Walt Balenovich, a wheelchair user who has spent decades backpacking across continents, relates the accidents, misadventures and mishaps that he braved in his memorable and funny travelogue Travels in a Blue Chair: Alaska to Zambia Ushuaia to Uluru. “The world wasn’t built with a ramp”, he says, reflecting on the barriers and additional challenges he faced in his travels.
Balenovich’s comment struck me as succinctly encapsulating the adversity faced by many with a disability in the working world. Earlier this year at LSM, we hosted Ade Adepitan, a wheelchair basketball player, TV presenter, author and Paralympic star. His moving talk on his background, and the barriers he faced from early on in life to becoming an athlete, was a much-needed motivator for an honest, direct and often difficult conversation about workplace accessibility.
Ade’s achievement, becoming a world-renowned sportsperson, and Balenovich’s in travelling around the world are still sadly the exception. For many, disabilities, visible or invisible, can be a significant barrier to employment and high performance in the workplace.
Adjusting our way of work
Not everyone aspires to be a Paralympian or travel the world. What many want is a gainful, challenging and well-remunerated career. Insurance has much to offer for young people looking for employment, and broadening access to our industry has been a focus for many in our industry over the past decade. Initiatives such as ‘Dive In’ have explored the barriers to employment or progression, raising awareness across the globe. At LSM we are making progress towards a more diverse workforce through a broad range of initiatives to promote inclusion.
But we have to be honest and admit, as an industry, that making reasonable adjustments for disabilities visible or invisible, has not been a particular strength. And that needs to change.
Ade Adepitan put it simply: “Polio didn’t make me disabled. Being in a wheelchair doesn’t make me disabled” he said, “but an obstacle in my way – like a stage without a ramp - that’s what makes me disabled. We should try to remove life’s obstacles, for everyone”.
Inclusion requires effort and a diverse range of measures: from the physical changes needed to make our offices disability friendly, to ensuring those with chronic pain, for example, have access to the latest ergonomic solutions for activities non-disabled employees take for granted. The sheer complexity of offering comprehensively disabled-friendly employment is often daunting, but that’s not a reason to shy away from tackling the issue.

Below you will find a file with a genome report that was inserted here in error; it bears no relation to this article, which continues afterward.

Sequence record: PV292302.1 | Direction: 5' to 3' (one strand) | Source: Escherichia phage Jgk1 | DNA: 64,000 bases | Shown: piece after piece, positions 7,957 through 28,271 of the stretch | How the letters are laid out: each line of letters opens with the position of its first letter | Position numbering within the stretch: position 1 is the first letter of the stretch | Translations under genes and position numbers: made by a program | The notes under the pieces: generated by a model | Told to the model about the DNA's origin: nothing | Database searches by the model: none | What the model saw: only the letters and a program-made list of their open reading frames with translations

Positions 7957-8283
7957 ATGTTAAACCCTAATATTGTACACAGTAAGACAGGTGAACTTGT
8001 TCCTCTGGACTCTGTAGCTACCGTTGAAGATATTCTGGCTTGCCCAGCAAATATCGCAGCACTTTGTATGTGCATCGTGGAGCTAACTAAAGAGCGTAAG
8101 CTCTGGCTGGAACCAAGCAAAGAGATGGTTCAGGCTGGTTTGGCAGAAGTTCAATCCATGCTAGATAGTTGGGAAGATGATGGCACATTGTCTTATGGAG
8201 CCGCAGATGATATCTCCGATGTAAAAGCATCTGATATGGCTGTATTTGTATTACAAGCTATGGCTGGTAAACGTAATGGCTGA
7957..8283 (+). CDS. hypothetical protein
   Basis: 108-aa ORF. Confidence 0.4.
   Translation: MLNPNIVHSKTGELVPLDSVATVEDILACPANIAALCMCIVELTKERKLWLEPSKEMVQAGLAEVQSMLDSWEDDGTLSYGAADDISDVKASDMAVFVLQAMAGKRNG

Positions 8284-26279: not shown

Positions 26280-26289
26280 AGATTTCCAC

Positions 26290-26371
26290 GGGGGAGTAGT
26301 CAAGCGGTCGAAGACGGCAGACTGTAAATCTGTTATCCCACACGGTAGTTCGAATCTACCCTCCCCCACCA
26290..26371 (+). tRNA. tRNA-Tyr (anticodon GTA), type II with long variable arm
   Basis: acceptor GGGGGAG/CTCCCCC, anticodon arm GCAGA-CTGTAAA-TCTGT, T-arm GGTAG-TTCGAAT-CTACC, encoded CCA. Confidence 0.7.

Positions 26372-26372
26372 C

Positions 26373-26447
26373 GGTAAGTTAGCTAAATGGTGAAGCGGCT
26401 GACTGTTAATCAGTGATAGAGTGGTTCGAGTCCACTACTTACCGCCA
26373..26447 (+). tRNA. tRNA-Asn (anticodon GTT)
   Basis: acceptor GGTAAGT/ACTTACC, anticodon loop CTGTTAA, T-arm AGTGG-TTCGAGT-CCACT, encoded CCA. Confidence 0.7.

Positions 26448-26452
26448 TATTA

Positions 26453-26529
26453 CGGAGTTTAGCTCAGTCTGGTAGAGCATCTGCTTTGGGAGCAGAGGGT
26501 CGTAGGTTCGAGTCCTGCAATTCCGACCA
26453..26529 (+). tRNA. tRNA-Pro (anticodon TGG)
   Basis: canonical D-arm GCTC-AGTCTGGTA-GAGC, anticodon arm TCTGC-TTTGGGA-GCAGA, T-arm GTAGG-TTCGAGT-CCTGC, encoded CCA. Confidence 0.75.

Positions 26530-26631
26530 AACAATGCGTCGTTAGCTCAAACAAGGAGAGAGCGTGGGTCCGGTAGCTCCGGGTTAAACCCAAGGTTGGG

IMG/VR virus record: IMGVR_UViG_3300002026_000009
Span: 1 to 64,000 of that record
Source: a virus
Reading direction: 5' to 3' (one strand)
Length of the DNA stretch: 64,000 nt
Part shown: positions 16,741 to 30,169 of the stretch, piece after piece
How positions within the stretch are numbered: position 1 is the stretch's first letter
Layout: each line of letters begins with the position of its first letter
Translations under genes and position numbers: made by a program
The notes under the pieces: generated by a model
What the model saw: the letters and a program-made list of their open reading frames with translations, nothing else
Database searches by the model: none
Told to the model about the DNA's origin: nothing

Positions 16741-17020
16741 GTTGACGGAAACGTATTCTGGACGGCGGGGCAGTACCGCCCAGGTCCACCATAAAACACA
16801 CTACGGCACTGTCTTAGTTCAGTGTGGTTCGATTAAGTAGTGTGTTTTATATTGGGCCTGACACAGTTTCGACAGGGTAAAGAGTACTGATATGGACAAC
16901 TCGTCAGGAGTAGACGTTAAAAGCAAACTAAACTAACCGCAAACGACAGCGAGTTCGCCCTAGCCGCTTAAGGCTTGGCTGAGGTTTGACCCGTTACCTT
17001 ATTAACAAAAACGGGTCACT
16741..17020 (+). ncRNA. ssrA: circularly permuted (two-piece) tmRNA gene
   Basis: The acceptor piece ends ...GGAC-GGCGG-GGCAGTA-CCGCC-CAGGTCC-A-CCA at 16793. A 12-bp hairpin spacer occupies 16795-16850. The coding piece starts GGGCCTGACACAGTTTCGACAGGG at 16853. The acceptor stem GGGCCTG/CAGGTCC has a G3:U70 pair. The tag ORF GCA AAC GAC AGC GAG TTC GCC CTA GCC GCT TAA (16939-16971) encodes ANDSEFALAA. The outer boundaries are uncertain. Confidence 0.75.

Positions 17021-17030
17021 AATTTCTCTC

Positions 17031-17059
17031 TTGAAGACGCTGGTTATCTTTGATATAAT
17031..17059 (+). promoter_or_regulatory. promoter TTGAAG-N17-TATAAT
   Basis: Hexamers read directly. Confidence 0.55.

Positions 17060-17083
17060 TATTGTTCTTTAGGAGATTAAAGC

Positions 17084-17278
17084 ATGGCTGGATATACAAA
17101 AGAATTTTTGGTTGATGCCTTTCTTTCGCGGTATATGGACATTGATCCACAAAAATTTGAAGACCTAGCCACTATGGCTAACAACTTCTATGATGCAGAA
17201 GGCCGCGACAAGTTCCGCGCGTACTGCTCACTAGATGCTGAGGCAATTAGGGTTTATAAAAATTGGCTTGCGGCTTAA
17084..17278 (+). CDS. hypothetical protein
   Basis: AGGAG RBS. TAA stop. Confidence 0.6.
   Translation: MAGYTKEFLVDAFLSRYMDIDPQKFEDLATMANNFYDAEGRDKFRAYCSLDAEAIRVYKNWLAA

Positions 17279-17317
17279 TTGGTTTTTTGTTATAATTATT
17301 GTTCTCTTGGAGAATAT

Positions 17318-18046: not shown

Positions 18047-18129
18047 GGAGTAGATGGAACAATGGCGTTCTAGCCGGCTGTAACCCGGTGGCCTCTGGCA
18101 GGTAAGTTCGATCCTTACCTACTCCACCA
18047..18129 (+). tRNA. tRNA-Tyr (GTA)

The financial services industry is frequently better placed than most industries to ensure accessibility, with city centre locations, contemporary offices built with the latest facilities and technological solutions.
However, while modern facilities have generally improved accessibility, we have significant challenges ahead of us to ensure that barriers to effective work for those with invisible disabilities are tackled. HR departments have always done their best to fulfil their duties and obligations to employees. Recently, for example, work-from-home surveys have tested desk setups in home offices to ensure flexible working does not make certain conditions worse. Modern technology can address issues around physical injuries such as repetitive strain injury or hidden conditions like dyslexia, but we need comprehensive programmes using all the resources at our disposal to support everyone effectively.
LSM also ensures all team leaders are provided with mandatory training to support diverse teams, including training on how to support those with hidden disabilities. We have also recently launched “Able Matters” – an employee-led network focused on accessibility.
But although we are clearly making progress, I have come to believe this is not enough, and continued and re-enforced leadership and management sponsorship is required to ensure accessibility and inclusion is a priority.
Inclusion is its own reward; but it also comes with a return on investment
The arguments for inclusion, and a diverse workplace in general, are very well-rehearsed and conclusive. A broader talent pool leads to a diversity of views and better decision-making, thus to better results and a happier workforce. If we offer our people the best, most welcoming place to work, they have a better chance to reach their full potential.
The insurance industry has long highlighted the struggle to attract and retain diverse talent. Improving accessibility is a way to enable new talent to enter the marketplace and enable existing employees to perform at the highest level. But it is also a good in itself: recognising that everyone deserves a fulfilling life and career, not just those who become world-famous athletes or travellers, is the start. And then making the adjustments that enable our colleagues to succeed when otherwise they couldn’t is the logical conclusion. They’re called “reasonable adjustments” because they are eminently so.
Our team is always open and ready to talk to employees about their adjustment needs. We are working to make our office more disabled friendly, whether it’s a physical disability or not, whether it’s visible or invisible, and whether it’s straightforward or complex. We will find a solution. That is the meaning of inclusion, in which I believe fundamentally.
I was moved by Ade’s speech and glad we were privileged enough to hear from him. However, being moved is not enough. The next step is to work within our company and within our market to make inclusion, in all its complexity, a reality. The world wasn’t built with a ramp. But we do now have the tools to build one. We should and will.